• Each year, there are an estimated 12,000 deaths due to falls in homes and an estimated 11 million fall injuries in the home.  The likelihood of surviving a fall is therefore 99.9%. Does that mean 12,000 deaths are acceptable? Most people would say no.
  • Each year, there are an estimated 42,000 deaths due to motor vehicle crashes and an estimated 6 million reported motor vehicle crashes. The likelihood of surviving a motor vehicle crash is 99%. Does that mean 42,000 deaths are acceptable? Most people would say no.

 MYTH: “Newer homes are safer homes; the fire and death problem is limited to older homes.”

Matt Klaus, NFPA's principal fire protection engineer, counters this popular myth

FACT:
Age of housing is a poor predictor of fire death rates. Yes, new construction codes allow for tighter construction and better draft-stopped homes, which help slow the spread of fire. However, these safeguards have not completely mitigated the home fire problem. The majority of home fires are caused by candles, smoking materials, cooking, arcing, and other occupant-based activities. These types of fires happen in old and new construction alike.

Moreover, new methods of construction negatively impact occupant and firefighter life safety under fire conditions. The National Research Council of Canada (NRC) tested the performance of unprotected floor assemblies exposed to fire. The findings of the study, "The Performance of Unprotected Floor Assemblies in Basement Fire Scenarios," assert that these structures are prone to catastrophic collapse as early as six minutes from the onset of fire.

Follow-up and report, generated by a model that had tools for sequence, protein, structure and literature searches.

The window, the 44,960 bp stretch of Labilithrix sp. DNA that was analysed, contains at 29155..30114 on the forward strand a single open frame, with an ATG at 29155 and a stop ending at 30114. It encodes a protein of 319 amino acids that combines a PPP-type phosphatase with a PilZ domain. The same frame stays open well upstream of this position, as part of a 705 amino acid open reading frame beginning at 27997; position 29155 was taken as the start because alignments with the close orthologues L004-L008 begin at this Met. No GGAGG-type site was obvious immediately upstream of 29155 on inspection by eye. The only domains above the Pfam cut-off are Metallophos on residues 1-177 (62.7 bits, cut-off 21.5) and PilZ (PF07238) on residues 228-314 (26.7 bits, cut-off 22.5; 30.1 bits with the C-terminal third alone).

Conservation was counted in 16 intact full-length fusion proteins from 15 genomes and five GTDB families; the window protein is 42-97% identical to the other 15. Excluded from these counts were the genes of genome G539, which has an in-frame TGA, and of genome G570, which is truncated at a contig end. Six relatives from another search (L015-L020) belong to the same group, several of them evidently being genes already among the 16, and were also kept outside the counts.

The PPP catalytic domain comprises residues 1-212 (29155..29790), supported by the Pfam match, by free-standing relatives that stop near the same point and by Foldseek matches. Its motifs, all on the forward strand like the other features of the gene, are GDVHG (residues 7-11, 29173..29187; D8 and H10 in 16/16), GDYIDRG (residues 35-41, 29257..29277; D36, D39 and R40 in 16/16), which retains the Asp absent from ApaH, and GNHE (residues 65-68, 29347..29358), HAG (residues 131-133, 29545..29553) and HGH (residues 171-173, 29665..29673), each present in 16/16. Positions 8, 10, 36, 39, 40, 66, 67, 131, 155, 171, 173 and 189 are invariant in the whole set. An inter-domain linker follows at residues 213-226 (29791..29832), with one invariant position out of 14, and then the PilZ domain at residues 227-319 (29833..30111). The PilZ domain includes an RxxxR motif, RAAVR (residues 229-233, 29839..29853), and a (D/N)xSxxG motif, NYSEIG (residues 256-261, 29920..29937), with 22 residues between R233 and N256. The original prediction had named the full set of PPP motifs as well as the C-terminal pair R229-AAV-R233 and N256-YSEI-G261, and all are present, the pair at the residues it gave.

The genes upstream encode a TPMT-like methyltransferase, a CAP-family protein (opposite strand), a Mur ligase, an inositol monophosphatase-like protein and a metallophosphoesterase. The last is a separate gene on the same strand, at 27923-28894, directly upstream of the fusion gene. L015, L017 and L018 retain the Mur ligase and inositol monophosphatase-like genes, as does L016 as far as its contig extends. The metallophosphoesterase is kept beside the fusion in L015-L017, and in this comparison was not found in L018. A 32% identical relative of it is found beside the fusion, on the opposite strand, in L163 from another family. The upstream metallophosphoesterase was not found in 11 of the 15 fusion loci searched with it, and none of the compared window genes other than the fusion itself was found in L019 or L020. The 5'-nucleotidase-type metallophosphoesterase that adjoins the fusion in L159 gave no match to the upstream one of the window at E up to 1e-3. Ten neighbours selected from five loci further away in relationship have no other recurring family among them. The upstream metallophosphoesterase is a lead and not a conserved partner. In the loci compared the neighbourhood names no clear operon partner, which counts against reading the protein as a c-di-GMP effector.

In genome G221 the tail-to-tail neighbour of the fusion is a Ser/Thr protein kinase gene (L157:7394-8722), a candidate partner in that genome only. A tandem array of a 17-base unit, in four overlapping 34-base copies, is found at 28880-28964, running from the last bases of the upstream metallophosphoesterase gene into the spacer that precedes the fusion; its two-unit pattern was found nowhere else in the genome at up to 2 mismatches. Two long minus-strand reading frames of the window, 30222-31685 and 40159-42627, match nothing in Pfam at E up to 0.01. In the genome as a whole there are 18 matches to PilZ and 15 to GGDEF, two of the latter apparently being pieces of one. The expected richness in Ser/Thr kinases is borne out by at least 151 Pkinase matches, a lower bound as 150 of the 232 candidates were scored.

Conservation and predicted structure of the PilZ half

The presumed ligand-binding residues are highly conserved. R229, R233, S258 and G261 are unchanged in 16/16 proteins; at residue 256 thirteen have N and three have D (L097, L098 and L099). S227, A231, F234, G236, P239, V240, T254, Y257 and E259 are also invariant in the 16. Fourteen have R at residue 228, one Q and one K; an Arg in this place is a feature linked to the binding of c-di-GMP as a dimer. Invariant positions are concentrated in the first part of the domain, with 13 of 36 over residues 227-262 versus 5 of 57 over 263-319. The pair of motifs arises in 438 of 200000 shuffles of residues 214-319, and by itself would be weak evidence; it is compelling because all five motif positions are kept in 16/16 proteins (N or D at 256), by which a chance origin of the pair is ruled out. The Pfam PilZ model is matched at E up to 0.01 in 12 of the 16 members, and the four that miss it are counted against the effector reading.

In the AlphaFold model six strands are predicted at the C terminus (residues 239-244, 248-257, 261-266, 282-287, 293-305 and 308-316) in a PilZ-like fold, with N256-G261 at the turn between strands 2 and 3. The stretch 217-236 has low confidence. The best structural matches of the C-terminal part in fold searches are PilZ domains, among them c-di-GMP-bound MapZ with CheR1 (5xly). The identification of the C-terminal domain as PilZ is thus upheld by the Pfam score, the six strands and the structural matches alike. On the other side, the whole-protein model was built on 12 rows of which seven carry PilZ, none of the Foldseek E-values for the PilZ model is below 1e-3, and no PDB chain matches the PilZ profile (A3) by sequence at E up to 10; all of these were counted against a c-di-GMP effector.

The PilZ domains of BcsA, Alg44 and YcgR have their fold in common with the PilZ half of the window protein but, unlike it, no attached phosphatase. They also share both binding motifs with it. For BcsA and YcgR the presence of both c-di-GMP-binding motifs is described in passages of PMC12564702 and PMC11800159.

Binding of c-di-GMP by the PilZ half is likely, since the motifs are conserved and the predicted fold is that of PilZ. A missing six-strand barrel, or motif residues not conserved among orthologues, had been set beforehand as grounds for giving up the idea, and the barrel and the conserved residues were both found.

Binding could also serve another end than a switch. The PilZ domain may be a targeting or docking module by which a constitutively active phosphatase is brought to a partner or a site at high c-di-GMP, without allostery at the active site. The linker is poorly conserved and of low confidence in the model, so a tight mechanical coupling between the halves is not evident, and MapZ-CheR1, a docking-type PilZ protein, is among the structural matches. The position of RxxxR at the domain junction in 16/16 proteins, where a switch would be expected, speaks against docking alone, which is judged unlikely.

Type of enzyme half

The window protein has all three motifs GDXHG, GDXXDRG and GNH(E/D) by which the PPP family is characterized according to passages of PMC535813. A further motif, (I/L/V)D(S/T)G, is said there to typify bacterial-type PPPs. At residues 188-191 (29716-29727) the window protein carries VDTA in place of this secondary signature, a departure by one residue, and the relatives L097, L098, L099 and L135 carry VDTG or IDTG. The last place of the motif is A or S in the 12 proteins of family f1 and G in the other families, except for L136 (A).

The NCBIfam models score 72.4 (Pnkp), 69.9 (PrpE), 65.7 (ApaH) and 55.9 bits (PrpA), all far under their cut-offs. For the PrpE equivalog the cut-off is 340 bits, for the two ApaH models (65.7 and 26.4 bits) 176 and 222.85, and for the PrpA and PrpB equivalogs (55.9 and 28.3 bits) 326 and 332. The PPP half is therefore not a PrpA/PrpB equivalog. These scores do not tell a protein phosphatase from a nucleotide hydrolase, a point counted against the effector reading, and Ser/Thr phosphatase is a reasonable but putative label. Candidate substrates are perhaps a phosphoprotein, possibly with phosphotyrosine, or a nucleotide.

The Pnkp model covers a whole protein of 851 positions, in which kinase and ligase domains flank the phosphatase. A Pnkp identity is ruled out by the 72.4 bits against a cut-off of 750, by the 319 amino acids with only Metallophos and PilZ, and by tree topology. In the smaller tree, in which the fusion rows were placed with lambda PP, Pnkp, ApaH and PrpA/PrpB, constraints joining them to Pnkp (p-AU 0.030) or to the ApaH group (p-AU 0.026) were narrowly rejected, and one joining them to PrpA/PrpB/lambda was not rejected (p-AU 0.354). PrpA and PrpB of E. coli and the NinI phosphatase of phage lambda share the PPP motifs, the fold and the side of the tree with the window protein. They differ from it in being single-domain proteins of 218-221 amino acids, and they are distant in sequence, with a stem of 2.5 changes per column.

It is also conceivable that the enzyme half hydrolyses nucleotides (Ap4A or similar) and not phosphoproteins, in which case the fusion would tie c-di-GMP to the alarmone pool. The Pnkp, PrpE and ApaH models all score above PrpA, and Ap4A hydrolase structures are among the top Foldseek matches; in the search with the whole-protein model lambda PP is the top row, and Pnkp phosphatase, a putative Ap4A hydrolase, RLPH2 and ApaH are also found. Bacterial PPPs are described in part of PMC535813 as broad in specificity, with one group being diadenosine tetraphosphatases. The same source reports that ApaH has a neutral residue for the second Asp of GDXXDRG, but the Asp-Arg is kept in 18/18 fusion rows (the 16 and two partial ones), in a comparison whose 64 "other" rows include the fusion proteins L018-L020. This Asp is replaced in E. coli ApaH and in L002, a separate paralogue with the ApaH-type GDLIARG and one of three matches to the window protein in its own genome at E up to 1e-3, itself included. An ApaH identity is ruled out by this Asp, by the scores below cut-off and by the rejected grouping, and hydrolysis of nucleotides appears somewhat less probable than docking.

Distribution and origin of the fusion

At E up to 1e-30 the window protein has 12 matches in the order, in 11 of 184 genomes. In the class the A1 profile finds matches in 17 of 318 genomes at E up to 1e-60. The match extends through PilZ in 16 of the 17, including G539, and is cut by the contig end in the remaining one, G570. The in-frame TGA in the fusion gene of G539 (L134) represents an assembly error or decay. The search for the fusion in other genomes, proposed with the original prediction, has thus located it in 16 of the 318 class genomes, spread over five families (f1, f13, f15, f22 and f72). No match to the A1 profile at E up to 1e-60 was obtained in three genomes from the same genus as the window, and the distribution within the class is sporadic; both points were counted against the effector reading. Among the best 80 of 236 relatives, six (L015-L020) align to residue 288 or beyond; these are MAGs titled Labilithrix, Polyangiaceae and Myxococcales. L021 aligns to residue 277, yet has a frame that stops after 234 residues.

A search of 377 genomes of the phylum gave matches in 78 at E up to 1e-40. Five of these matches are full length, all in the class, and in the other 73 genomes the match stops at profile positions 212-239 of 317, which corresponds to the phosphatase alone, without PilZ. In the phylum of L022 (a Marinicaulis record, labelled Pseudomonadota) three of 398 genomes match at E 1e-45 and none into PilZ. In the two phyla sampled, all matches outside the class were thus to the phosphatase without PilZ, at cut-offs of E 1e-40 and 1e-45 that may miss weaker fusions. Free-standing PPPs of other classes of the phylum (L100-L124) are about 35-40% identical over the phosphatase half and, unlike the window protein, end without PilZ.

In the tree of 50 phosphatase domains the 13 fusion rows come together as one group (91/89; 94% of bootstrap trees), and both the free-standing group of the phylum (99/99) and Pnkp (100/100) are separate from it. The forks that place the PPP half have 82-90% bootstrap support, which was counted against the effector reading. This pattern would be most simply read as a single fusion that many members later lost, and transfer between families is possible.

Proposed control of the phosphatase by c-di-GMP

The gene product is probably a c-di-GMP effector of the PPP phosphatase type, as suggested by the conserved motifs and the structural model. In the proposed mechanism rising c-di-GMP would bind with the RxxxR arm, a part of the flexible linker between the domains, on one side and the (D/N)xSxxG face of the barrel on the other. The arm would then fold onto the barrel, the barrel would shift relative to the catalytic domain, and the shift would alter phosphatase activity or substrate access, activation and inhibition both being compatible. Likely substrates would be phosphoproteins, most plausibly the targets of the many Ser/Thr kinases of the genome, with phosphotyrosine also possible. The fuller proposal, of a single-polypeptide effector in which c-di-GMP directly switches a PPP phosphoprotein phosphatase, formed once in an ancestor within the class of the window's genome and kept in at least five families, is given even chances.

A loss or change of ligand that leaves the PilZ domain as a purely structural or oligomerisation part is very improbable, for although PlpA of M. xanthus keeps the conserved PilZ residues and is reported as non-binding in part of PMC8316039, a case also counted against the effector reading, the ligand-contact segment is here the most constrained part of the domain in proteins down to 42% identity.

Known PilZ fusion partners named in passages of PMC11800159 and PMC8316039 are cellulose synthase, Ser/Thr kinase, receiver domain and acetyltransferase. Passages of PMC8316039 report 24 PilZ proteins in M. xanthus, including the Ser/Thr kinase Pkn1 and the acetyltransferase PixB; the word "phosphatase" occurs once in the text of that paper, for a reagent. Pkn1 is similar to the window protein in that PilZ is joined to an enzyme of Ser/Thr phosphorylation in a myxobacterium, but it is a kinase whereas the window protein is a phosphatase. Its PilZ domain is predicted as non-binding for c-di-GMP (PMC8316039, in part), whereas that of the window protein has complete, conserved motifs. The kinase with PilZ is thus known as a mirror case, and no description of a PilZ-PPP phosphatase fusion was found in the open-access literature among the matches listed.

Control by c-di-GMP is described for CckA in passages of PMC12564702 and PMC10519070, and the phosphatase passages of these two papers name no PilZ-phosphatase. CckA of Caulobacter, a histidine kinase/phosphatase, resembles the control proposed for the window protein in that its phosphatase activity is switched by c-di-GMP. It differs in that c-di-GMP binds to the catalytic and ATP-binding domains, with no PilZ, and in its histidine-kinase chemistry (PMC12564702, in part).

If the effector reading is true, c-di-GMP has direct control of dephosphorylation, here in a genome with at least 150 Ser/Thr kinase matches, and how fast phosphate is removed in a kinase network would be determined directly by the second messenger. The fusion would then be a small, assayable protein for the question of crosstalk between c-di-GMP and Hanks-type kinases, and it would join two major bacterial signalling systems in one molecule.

In 2008, Underwriters Laboratories (UL) conducted a study to identify the danger to firefighters created by the use of lightweight wood trusses and engineered lumber in residential roof and floor designs. The findings of the report, "Structural Stability of Engineered Lumber in Fire Conditions," point to the failure of lightweight engineered wood systems when exposed to fire. Firefighters expecting thirty minutes of structural integrity with dimensional wood structures face higher peril in lightweight structures.

The same UL study found that the synthetic construction of today’s home furnishings add to the increased risk by providing a greater fuel load. Larger homes, open spaces, increased fuel loads, void spaces, and changing building materials contribute to:

  • faster fire propagation
  • shorter time to flashover
  • rapid changes in fire dynamics
  • shorter escape time
  • shorter time to collapse